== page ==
Most wireless phone carriers allow their customers to roll over unused data into another month of service without refunding any money.

Google's service initially will be available only on the Nexus 6, a Motorola phone made with Google's help.

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<![CDATA[Mysterious Drone Causing Headaches in Mansfield]]> Tue, 21 Apr 2015 12:14:47 -0500 http://media.nbcdfw.com/images/221*120/drone-chicago.jpg

A Texas man says a drone was hovering outside his first floor window, but when he called police he was told there was little they could do about it. 

Late last month, Mansfield resident JR Page was checking the pool filter in his backyard when he heard a noise that sounded like a vacuum cleaner.

“I came around the corner, that's when I saw the drone,” explained Page, who  also reached out to NBC5. “it looked like it was flashing taking pictures of my window.”

Page followed it down the street to a nearby development. We went to that homeowner and asked about the drone and was told it wasn’t his; but he had seen one flying in the area. Page called police.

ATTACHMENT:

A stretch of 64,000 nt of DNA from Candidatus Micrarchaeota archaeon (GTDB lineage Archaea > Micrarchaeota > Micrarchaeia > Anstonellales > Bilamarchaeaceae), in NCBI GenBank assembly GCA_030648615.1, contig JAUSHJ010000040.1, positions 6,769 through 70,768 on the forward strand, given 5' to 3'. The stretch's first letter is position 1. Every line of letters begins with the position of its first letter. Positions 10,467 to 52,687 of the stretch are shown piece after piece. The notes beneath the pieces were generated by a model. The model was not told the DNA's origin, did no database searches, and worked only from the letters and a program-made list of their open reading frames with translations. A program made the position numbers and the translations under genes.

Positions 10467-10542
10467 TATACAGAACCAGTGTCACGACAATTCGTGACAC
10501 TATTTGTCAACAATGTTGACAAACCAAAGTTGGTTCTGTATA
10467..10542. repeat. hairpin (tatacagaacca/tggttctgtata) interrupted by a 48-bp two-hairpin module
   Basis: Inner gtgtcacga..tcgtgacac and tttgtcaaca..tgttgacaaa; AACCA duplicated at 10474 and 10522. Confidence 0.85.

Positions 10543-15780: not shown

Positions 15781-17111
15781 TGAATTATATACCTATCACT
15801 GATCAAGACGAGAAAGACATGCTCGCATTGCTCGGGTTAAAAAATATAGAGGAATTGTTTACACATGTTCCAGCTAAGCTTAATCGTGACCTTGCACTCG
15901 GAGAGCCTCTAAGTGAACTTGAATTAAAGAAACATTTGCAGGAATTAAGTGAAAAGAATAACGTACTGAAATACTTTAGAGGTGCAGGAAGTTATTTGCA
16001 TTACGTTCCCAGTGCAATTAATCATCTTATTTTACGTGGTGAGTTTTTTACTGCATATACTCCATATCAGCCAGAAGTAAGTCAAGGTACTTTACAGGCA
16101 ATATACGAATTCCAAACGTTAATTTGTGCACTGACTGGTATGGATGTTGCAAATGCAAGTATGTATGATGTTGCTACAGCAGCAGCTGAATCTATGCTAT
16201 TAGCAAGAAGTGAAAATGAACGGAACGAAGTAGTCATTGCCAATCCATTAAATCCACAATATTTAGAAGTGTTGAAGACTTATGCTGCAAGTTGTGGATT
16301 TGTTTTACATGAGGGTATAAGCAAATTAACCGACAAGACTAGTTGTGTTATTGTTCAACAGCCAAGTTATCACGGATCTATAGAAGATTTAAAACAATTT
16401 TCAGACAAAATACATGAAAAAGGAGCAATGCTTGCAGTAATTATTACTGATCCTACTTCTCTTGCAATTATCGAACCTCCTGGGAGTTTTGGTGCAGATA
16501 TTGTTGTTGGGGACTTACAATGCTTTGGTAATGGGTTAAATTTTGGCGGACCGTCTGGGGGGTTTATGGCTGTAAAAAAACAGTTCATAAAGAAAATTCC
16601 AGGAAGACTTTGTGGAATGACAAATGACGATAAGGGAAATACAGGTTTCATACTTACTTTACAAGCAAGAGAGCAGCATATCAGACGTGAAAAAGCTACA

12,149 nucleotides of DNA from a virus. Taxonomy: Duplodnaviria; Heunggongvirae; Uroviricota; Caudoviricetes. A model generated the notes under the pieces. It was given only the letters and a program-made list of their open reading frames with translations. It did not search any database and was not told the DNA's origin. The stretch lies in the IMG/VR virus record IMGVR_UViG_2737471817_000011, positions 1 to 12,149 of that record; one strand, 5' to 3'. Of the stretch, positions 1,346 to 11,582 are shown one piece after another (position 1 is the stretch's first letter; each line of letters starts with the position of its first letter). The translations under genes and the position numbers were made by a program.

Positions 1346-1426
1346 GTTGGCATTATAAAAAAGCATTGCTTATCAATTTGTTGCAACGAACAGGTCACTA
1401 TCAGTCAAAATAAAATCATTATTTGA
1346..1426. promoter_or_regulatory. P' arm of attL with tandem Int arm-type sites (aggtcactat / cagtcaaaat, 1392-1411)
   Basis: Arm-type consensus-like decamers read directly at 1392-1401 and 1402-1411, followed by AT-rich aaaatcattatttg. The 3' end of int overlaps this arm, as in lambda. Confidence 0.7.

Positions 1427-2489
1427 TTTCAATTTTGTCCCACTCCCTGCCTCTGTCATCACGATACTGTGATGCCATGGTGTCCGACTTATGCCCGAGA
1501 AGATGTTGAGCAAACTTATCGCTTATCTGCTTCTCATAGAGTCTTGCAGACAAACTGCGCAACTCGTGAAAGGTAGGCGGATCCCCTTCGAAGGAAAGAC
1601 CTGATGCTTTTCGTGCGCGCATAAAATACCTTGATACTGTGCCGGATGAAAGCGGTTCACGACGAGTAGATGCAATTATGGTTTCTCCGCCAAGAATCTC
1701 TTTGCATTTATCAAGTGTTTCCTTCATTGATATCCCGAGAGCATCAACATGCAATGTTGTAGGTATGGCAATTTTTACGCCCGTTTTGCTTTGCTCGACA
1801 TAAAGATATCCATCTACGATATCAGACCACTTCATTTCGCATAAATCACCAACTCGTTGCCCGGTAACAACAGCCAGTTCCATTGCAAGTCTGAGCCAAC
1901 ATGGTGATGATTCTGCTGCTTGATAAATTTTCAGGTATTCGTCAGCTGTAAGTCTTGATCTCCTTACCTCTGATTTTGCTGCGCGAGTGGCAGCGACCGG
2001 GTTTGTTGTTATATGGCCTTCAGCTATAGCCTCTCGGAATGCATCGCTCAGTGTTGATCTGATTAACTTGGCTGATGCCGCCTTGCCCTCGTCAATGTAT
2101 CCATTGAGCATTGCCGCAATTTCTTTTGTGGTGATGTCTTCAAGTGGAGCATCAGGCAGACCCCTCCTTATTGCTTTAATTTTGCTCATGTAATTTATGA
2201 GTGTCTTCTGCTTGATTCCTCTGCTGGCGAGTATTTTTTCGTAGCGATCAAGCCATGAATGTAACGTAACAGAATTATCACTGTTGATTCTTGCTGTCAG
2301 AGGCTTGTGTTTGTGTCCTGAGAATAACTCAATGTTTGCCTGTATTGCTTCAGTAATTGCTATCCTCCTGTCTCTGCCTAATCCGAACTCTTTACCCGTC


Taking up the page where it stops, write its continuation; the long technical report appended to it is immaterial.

“They said the technology is new, too new and they weren't able to do anything,” recalled Page.

The Mansfield Police department confirmed they received a call from Page late last month, and the officer did indeed check with the Federal Aviation Administration. According to police, they were told there was no criminality as far as flight safety is concerned.

MPD said it would be considered a crime if the drone took inappropriate pictures and those ended up in possession of someone or on the internet.

“I was just thinking I'm single I don't have any kids, what if I had a kid and there was a little girl changing and drone was taking pictures of someone changing,” Page said. “it's an invasion of privacy.”

A FAA spokesperson referred NBC 5 to the agency's website.

One of the rules on the website state, “Do not conduct surveillance or photograph persons in areas where there is an expectation of privacy without the individual’s permission.”